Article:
If you’re a marketing professional (particularly in the digital space) and have five minutes to yourself today, you should read David Brown’s article at Marketing Magazine.
While the debate about “who’s going to buy digital shops” is itself interesting, what’s more insightful is the role of the agency on your team. Groove has taken a consultative approach to our business for years, and we are constantly complimented for our dedicated, team approach to solving problems and finding opportunities for our clients. Sometimes that devotion is rewarded and sometimes not, but it’s always been a key belief for us – invest, over invest and invest again. Unless we really know the brand, its owners, advocates and fans, we cannot possibly drive the kind of meaningful activation and engagement that leads to real business results – on both the consumer and trade sides of the business.
A deeply embedded understanding of, and devotion to, the brand is being mandated for agencies at exactly the time when the thirst for content has transformed the business. The big agencies simply cannot, and will not, adapt fast enough to help you through this transformative time. The problem, as Mr. Brown states, has layers. According to him, “increasingly marketing-savvy consumers are even more elusive (and) new players are entering the fray while everyone struggles to turn big data into anything meaningful.” Groove’s Social Publishing methodology was born from this transformative reality.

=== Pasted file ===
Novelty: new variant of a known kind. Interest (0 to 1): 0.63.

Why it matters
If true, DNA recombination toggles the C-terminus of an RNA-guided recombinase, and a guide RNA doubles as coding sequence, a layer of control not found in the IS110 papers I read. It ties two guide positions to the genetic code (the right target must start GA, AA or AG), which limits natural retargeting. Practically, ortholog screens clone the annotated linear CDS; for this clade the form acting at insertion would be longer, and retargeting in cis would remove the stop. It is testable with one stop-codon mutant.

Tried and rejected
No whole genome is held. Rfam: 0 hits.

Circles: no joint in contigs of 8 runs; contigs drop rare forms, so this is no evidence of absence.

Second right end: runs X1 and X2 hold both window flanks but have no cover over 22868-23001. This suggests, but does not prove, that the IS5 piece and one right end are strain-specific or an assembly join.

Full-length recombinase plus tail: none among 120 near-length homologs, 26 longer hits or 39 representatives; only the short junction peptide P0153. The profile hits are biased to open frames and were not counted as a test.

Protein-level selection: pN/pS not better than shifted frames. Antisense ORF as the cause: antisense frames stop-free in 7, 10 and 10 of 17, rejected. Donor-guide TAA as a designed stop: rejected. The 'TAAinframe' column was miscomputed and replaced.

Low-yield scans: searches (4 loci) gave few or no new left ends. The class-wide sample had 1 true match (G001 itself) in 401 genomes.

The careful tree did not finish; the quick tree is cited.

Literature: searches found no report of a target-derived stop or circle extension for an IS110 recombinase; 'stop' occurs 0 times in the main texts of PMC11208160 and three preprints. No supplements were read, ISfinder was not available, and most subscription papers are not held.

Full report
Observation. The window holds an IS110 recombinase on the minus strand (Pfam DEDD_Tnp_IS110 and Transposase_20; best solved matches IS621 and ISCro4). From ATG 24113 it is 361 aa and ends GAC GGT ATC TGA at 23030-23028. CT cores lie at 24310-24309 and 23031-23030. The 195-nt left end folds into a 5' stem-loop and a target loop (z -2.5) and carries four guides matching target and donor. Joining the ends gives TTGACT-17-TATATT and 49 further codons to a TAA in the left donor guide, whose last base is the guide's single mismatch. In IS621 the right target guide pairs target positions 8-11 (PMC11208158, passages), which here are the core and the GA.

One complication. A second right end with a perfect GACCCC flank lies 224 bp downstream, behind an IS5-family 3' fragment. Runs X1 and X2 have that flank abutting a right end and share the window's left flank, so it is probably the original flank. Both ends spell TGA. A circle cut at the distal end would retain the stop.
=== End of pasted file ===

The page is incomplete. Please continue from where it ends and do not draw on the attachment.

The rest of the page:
So how does this relate to “big agencies burning out”? Mr. Brown continues, “But talk to agency execs and very early in the conversation the crux of the problem emerges: while agencies have endured years of procurement-mandated fee cuts, now they are being asked to produce more and more and more for their clients without corresponding new revenue.” He then quotes Bob Goulart from Unitas, “There used to be a time when we would create five or six creative pieces over the course of a year. That’s turned into 400, 500, 700. There is this insatiable thirst for content.” And therein lies the rub.
To be an effective marketer in wine and spirits, where we suffer from low brand awareness, low brand loyalty, high fragmentation and relative scarcity in market, we must work constantly to be “top-of-mind” when a consumer is making purchase decisions. To do that, we need to build an immersive, meaningful and ongoing relationship with that consumer. Passive advertising simply will not get the job done. Dropping into conversations where influencers are talking about wine will not get the job done. Spending your budget on trade publications will not get the job done. And since relatively few brands can even afford top-down awareness brand building, there is no way to grab consumer attention without doing it one consumer at a time. Layer on a massive ROI focus and it becomes clear, very quickly, why the big agency model fails.
You deserve a partner who is invested in your success. A partner who gets the new paradigm and is willing to put in the additional energy required to make you successful. You’re not going to get that investment from a big agency. Their economic model won’t allow for it. Read the article and hopefully you’ll draw the same conclusions. Then call us at Groove.